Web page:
Aging, nutrient signaling, hematopoietic senescence, and cancer

Crit Rev Oncog. 2013;18(6):559-71. doi: 10.1615/critrevoncog.2013010596.


It is well known that cancer is one of the main causes of mortality in the aged population. Recent studies suggest that oncogenic pathways, such as the insulin-like growth factor-1 (IGF-I), Ras, and Akt/PKB, can contribute to both aging and cancer not only by promoting growth and preventing apoptosis, but also by promoting DNA damage and genomic instability. Epidemiological studies suggest that the chronic, low-grade inflammation that accompanies aging also contributes to tissue damage and tumor progression. Coupled with the accumulation of senescent cells and declining immune function, this leads to the generation and survival of cancer cells, possibly explaining why advanced age is the primary risk factor for cancer.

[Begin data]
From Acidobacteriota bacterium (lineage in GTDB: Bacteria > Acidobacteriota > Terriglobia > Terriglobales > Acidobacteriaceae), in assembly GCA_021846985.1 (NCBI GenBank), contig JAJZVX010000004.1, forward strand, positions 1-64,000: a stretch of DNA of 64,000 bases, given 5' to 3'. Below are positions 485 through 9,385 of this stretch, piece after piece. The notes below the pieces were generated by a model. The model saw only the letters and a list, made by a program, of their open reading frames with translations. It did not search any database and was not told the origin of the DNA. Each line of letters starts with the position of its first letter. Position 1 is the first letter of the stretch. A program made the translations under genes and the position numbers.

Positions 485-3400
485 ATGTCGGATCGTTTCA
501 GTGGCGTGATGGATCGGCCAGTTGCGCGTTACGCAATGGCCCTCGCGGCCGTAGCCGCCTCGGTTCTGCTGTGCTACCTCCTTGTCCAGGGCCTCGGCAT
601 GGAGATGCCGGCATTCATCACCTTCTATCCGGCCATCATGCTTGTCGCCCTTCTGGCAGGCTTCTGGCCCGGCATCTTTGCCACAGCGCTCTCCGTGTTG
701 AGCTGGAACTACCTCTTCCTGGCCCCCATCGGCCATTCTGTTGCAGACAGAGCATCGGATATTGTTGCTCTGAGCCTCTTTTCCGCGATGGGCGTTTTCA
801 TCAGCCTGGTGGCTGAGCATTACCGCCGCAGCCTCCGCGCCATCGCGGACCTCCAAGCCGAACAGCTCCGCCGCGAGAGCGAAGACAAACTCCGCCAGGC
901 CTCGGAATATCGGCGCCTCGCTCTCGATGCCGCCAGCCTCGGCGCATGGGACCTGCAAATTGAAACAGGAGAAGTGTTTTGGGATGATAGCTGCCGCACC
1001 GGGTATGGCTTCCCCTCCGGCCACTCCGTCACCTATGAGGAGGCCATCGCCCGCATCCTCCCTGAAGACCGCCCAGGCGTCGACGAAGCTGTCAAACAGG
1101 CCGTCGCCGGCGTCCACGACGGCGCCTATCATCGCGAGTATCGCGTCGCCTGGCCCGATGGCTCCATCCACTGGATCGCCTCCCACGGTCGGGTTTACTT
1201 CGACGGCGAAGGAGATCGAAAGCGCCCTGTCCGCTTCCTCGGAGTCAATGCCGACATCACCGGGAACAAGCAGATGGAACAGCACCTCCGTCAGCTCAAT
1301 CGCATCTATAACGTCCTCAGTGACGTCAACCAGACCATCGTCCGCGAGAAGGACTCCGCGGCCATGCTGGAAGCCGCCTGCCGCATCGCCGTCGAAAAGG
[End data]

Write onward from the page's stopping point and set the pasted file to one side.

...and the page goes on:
Publication types

  • Review

MeSH terms

  • Aging* / immunology
  • Animals
  • Cellular Senescence
  • Hematopoietic Stem Cells / physiology*
  • Humans
  • Inflammation / complications
  • Neoplasms / etiology*
  • Signal Transduction / physiology*